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Never mind what you’ve heard. Halle Berry was not the first black woman to win an Academy Award for Best Actress. She was actually the 74th white one. And never mind all this talk about America electing its first black President; Barack Obama is actually the 44th white man to hold the job, according to Time magazine:

That, at any rate, is as fair a conclusion as any, given that Berry and Obama and millions like them are the products of one black parent and one white one. And yet it’s a conclusion that almost no one ever reaches. Part-black generally means all-black in Americans’ minds. Just as part-Asian or part-Hispanic or part-anything-else usually puts individuals in those minority-groups’ camps. Such a curious bias is as old as the nation itself, and a new study in the Journal of Personality and Social Psychology illustrates just how stubborn it is — and suggests just what may be behind it. (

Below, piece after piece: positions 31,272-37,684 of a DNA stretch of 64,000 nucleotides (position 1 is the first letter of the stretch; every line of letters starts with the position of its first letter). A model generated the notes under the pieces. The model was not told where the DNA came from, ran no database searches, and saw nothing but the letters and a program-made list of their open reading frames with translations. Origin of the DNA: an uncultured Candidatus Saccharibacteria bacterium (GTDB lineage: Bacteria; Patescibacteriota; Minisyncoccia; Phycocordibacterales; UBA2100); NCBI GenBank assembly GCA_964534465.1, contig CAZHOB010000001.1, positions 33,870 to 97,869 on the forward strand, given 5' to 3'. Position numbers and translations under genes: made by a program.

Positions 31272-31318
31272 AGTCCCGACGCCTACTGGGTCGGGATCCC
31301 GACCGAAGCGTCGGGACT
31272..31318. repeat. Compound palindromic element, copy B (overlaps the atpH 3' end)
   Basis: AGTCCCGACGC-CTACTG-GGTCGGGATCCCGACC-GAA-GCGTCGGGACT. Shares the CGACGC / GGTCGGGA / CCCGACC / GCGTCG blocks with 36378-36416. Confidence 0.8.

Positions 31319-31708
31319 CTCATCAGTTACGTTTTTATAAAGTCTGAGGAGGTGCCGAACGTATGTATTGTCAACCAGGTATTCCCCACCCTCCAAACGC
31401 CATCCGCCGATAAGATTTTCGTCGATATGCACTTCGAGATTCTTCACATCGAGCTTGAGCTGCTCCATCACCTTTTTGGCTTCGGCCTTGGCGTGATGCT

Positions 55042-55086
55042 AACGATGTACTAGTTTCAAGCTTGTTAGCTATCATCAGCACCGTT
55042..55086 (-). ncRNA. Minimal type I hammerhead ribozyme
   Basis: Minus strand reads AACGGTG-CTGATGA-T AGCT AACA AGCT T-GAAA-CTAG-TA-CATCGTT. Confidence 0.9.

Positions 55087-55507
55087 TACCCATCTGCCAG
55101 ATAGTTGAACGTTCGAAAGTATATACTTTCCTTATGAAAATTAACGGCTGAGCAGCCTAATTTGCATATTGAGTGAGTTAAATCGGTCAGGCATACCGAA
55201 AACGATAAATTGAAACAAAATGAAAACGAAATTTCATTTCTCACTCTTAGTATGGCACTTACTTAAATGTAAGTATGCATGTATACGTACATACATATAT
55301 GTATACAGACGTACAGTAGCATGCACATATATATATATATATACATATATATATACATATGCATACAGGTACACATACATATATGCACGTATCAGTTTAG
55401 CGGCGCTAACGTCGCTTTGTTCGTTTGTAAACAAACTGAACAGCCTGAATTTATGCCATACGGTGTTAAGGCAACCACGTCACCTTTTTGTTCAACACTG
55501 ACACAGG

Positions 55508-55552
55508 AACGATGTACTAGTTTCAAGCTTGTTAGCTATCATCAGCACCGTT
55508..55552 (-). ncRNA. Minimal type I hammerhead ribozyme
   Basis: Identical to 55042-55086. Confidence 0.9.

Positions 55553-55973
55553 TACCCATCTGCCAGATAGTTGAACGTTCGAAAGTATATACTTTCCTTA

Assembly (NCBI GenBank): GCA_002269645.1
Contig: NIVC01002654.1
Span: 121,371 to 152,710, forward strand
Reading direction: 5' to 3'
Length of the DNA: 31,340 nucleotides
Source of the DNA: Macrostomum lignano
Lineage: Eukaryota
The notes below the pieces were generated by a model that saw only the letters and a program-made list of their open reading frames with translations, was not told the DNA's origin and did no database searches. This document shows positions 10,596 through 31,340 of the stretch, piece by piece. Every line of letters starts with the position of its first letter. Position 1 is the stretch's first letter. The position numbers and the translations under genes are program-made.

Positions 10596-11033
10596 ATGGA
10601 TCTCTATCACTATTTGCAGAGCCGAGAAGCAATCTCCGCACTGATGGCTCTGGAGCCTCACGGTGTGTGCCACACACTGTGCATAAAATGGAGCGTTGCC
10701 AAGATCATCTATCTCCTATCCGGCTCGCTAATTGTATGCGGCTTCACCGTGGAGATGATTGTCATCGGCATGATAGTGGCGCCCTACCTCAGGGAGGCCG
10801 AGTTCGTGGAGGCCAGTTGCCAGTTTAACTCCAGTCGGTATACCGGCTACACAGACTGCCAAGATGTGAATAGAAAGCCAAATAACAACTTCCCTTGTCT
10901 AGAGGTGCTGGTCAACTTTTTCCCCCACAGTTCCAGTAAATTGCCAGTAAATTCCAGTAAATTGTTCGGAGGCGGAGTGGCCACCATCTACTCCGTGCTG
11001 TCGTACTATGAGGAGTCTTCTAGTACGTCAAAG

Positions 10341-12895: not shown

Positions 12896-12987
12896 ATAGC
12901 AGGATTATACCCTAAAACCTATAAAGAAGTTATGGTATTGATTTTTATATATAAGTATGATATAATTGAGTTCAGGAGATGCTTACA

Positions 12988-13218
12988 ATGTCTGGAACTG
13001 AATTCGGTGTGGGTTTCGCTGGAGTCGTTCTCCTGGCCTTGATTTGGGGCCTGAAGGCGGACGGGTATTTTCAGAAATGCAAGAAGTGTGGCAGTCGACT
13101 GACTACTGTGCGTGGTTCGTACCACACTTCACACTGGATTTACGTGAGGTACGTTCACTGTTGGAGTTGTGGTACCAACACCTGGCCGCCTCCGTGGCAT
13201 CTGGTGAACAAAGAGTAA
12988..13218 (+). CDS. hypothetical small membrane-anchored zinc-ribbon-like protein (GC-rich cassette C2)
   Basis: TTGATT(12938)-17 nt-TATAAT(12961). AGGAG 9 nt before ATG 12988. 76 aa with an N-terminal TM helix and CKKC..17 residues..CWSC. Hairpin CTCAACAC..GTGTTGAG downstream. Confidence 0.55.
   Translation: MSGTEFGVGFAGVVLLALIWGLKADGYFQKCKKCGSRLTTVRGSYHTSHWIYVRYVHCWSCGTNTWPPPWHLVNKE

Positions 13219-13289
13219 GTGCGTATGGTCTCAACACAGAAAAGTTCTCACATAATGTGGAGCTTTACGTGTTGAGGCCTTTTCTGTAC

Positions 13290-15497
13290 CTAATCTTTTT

It was in 1662 that the colony of Virginia first tried to codify the legal definition of people whose racial pedigree was less than completely pure. To make things simple in a land in which plantation owners were already taking sexual liberties with their slaves, the lawmakers established what they called the “one-drop” rule — also known as hypodescent — declaring that any person with mixed blood who resulted from such a pairing would be assigned the race of the nonwhite parent.

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